graduate employment

The knowledge academy have pulled data from QS Graduate Employability Rankings, to find out which universities in the UK are among the top 20 for graduate employment

Thousands of students attend university for a multitude of reasons – perhaps for the social factor, or an opportunity to learn the skills necessary to join a competitive workforce. No matter the reason, students are keenly aware of the investment attending university provides, and employability matters more than ever. And for some students, enrolling at a university that has a reputable graduate employment rate will ensure a relatively easy transition once graduating into the world of employment.

The results from QS Graduate Employability Rankings, represent the percentage of students who found a job within 12 months of graduating, and the data is for 2018*.

The results place Lancaster University and the University of Aberdeen at the top of the graduate employment league table, both with 95.9% of students finding a job 12 months after graduating.

University of Surrey ranks third with a substantial 95.5% of graduates securing a job after finishing uni.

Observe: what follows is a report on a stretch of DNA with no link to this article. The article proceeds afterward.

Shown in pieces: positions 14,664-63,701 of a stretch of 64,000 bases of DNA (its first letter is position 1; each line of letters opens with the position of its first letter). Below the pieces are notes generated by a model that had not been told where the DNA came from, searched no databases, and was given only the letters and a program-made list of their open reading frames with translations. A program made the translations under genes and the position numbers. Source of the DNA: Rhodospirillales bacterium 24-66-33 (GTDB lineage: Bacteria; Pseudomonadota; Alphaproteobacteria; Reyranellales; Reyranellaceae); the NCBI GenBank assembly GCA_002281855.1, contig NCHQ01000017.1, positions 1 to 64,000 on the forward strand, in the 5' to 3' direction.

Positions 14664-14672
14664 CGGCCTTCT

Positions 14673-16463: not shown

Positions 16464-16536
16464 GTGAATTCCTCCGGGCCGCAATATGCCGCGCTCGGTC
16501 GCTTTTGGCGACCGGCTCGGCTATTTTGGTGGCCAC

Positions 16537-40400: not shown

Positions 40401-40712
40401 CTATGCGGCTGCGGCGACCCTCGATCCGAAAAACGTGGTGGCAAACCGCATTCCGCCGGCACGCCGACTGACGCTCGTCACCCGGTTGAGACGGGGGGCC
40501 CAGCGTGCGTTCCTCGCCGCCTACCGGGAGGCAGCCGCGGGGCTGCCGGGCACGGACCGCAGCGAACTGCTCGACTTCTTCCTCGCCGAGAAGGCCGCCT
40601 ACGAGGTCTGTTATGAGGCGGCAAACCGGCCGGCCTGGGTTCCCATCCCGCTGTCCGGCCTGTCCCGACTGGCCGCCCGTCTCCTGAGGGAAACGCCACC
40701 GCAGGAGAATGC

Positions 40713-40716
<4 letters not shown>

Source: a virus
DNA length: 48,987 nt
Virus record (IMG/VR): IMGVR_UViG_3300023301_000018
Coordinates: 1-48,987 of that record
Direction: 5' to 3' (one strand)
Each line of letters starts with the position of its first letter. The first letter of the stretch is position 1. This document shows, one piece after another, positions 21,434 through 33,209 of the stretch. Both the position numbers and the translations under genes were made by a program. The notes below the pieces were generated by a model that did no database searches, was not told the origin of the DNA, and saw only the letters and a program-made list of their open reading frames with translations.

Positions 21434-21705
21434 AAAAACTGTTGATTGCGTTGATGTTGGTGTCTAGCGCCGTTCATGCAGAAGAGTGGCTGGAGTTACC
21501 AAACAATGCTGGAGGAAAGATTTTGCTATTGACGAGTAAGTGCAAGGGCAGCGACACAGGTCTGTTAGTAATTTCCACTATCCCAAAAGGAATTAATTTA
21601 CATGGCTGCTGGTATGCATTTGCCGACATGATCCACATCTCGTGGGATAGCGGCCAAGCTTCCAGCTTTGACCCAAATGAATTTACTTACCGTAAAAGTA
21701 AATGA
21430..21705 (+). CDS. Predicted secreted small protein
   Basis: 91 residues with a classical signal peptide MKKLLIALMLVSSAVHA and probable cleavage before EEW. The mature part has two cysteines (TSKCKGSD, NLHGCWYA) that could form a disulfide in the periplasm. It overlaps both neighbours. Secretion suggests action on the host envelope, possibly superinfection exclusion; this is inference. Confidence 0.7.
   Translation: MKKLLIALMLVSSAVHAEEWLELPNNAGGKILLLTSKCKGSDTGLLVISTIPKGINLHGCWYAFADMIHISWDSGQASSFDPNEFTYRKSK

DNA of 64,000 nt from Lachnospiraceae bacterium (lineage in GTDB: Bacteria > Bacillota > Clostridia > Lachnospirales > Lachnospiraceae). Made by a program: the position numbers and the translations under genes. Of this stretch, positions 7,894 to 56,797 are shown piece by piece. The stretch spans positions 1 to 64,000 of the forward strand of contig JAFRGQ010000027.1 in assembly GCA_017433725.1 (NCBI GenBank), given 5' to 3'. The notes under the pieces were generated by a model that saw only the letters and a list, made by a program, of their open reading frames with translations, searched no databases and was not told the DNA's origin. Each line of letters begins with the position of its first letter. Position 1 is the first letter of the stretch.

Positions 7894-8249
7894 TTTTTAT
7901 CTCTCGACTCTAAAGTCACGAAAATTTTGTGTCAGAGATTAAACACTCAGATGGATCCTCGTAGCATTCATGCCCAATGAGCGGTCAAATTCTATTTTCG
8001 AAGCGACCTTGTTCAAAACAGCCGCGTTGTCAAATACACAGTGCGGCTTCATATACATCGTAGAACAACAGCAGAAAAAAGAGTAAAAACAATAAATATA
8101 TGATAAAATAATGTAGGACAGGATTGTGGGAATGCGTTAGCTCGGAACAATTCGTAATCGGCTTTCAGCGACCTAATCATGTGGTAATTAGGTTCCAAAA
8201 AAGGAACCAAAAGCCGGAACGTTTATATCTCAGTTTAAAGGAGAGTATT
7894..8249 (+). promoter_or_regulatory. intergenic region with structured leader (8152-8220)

Interestingly, the University of Cambridge (94.3%) is the fifth best university in the UK for graduate employment figures, whilst its rival; University of Oxford was ninth. Although ranking ninth, figures for this renowned university illustrates an impressive 91.1% of students manage to source a job soon after finishing their studies.

Towards the bottom end of the top 20 universities, sits the University of Hull, with a graduate employment rate of 75.3%. University of Birmingham and University of Warwick are joint second from the bottom with 75.6% of graduates hired within 12 months.

Moreover, five out of the nine Redbrick universities in the country feature in the top 20 universities for graduate employment: Birmingham, Leeds, Bristol, Nottingham and Newcastle.


*Graduate employment rate is defined on, where the data was derived as: It involves measuring the proportion of graduates (excluding those opting to pursue further study or unavailable to work) in full or part-time employment within 12 months of graduation. To calculate the scores, we consider the difference between each institution’s rate and the average in the country in which they are based. To preclude significant anomalies, the results are adjusted by the range between the maximum and minimum values recorded in each country or region. This accounts for the fact that a university’s ability to foster employability will be affected by the economic performance of the country in which they are situated.


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